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Outdoor Injury Prevention Starts In Your Own Backyard



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Outdoor Injury Prevention

Starts In Your Own Backyard

NORWALK — Each of five major child injury hazards — motor vehicles, drowning, burns, falls and poison — can be found in the backyard during the summer. Riding mowers, inflatable pools, home playground equipment, and even natural vegetation and sunlight require a few simple precautions.

“All of the safety guidelines you apply to sports, playgrounds, and swimming apply to those activities in your own backyard,” said Robert Cordes, Safe Kids Fairfield County coordinator. “An inflatable pool needs to be surrounded by a fence, just like any other pool. A home playground needs to be anchored on an appropriate surface just like equipment on a public playground.”

Kiddie pools should be emptied when not in use.

“Kiddie pools are just as dangerous to a small child as full-size pools — a child can drown in just a few inches of water,” said MrCordes.

Safe Kids Fairfield County offers detailed guidelines about pool safety and playground safety at www.fcsafekids.org. In addition, Safe Kids Fairfield County recommends these precautions for activities in the back yard:

*Always supervise your children in the backyard or at playgrounds. Make sure they play on a safe surface, such as mulch, rubber, or fine sand.

*Treat a riding mower like any other motor vehicle: keep ignition keys out of reach and look around before backing up. Never carry children as passengers on a lawnmower; children should stay in the house whenever a mower or other power equipment is being used. Children should be at least 12 years old before they operate any lawn mower, and at least 16 years old for a ride-on mower.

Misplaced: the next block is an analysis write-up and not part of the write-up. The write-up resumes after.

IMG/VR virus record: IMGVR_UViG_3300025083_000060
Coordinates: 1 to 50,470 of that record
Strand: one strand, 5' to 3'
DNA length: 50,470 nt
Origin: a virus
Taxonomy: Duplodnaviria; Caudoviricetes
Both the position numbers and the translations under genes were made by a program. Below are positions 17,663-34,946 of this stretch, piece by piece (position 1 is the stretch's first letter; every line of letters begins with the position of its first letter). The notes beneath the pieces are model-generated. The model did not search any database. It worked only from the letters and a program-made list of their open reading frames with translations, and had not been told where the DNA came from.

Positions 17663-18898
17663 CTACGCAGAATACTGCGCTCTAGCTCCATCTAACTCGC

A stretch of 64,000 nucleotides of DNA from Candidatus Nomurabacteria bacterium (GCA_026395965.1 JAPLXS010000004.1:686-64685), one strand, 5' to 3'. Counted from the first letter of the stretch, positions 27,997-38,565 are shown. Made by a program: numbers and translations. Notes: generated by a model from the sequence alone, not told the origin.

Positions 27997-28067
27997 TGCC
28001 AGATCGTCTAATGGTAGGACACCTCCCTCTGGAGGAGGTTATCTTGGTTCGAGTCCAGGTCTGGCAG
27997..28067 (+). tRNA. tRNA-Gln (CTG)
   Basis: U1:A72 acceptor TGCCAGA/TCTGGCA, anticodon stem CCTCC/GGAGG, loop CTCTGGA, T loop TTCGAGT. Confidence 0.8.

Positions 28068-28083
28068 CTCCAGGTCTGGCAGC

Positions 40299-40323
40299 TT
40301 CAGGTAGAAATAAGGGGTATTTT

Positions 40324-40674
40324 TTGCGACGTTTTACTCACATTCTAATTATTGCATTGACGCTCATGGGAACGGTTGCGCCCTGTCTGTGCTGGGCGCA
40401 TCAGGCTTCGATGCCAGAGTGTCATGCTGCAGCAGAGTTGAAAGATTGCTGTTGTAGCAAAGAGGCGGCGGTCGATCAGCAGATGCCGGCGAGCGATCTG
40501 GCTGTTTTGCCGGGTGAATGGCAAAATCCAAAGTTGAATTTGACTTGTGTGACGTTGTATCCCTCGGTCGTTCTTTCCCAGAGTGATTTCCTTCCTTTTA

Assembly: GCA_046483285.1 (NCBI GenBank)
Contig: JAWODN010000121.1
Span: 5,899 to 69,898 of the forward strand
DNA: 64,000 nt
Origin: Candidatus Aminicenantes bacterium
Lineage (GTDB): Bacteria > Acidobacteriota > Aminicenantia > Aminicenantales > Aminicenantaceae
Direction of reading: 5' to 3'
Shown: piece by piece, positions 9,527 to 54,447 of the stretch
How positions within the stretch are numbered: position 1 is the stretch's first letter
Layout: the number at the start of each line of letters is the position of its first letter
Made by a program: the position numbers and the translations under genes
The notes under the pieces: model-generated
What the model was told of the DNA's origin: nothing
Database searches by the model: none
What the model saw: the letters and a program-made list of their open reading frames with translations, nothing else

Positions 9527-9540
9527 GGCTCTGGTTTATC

*Allow children to perform age-appropriate yard work only under supervision. Do not allow a child to attempt tasks inappropriate for his or her age, size, strength, cognitive ability, or prior experience.

*Make sure your children wear a properly fitting helmet and other protective gear every time they ride their bikes, scooters, skateboards, rollerblades, and other wheeled toys.

*Remove potential poisons from your yard, including poisonous plants, pesticides, and pool chemicals. Teach kids not to handle or eat any part of a plant unless you know it is safe.

*Keep children away from the grill area while preheating and cooking and while the grill is cooling.

*Following the manufacturer’s instructions carefully, apply insect repellent to a child’s clothing and exposed skin. (Check with your pediatrician if you have any questions about the instructions.)

*Teach children not to disturb or feed any wild animals, no matter how harmless the animals may seem.

*Apply sunscreen rated SPF 15 or higher to your child’s exposed skin 15 to 30 minutes before going out, and reapply frequently. (It is possible to get a sunburn in cloudy conditions.)

*Make sure your child drinks plenty of water. A child who seems tired or achy should rest in the shade or go inside for a while. Get immediate medical help any time a child’s skin is hot to the touch (with or without perspiration) or if a child has a seizure or becomes disoriented in hot weather.

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